Like me, there are plenty of you who years ago gave up the quest to make sense of the things that often come out of Tito Ortiz's mouth.
You know as well as I do that Ortiz is an emotional man, and those emotions can often lead to the former UFC light heavyweight champion handing out nonsensical and often downright ludicrous statements like candy on Halloween.
Don't believe me?
When Ortiz returned to the UFC in 2009 after an extended hiatus from the Octagon (and a personal feud with Dana White that teetered brilliantly on the edge between slightly interesting and completely embarrassing for all involved), he gave thanks to White, Lorenzo Fertitta and the UFC for helping build his brand. Here's what Ortiz told Jim Rome (via Bloody Elbow) prior to his UFC 140 fight with Antonio Rogerio Nogueira:
I'm very, very thankful for Dana and Lorenzo. I don't want to sound like a broken record but they've given so much to my family and to me as a fighter. I've given so much to make this happen. I've been with the UFC since day one. I fought with the UFC as an amateur, back in 1997, May 30. UFC 13. And I've only competed in the UFC, I've never competed anywhere else my whole career. I made my brand by the UFC. Thanks to Lorenzo and Dana for making that happen for me.
If you're looking for something a little more recent, here's what Ortiz told Bloody Elbow's Steph Daniels in January of this year. Keep in mind that this was a mere seven months ago:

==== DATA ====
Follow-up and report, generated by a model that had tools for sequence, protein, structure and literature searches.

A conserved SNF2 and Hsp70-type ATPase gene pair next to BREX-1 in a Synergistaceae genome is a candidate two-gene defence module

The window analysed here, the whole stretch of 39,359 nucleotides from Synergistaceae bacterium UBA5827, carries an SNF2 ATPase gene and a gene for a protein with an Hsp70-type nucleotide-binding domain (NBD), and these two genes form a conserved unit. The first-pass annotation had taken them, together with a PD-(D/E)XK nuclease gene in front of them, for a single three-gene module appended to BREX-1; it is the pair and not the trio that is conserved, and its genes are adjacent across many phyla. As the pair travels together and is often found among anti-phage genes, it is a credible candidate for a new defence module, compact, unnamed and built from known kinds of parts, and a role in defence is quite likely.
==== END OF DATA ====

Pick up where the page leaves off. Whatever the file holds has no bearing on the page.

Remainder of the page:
Dana and Lorenzo gave me the opportunity to make a brand of myself, and I'm so very thankful to them for that. I've used that opportunity, and have been exploring every possible avenue that I can, since. Dana and I had our ups and downs, but he taught me so much, and when I look back, I look back fondly. He taught me so much as a person, and especially as a business man, and I think him being one of my managers taught me valuable things that I can use for the future with the athletes that I'm managing. I have nothing but admiration and respect for them, and great feelings for the UFC.
Fast forward to last Thursday night, when Ortiz debuted as the surprise opponent for Quinton "Rampage" Jackson in a ceremony that had all the trappings of the professional wrestling industry that Jackson and Ortiz now call their part-time home.
Part of me suspected that Ortiz might be considering a return, particularly after he tweeted a photo of the Bellator corporate office in early July. That's what happens when White decides that it's up to him to determine when a fighter's career should end. I realize that White typically has the best interest of his fighters in mind when he makes such a decision; Chuck Liddell was the first and best example. Is there a single person in the world, outside of Liddell and his immediate family, that wanted to see "The Iceman" get back in the cage and possibly have his light switch flipped off for the umpteenth time?
White lucked out. Liddell wanted to fight again, but he was willing to listen to his long-time friend. He stepped out of the cage and into the kind of no-show job that would make Tony Soprano beam with sheer glee. In exchange for quitting, Liddell drew a paycheck from Zuffa that will continue to the end of his days.
Ortiz was not so lucky. His much-publicized feud with White, which nearly resulted in a televised boxing match between the two, cast a pall over their relationship even after they patched things up and Tito returned to the Octagon. It was a rift that would never quite be completely repaired. When asked about the one thing he'd change if he could start over, Ortiz was quite revealing:
The only thing I can really think of would be the feuding with Dana. I said some things, based on emotion, and was acting in a defensive manner. I think now, I would say things a little differently, and handled things better. I wouldn't have taken things so personally.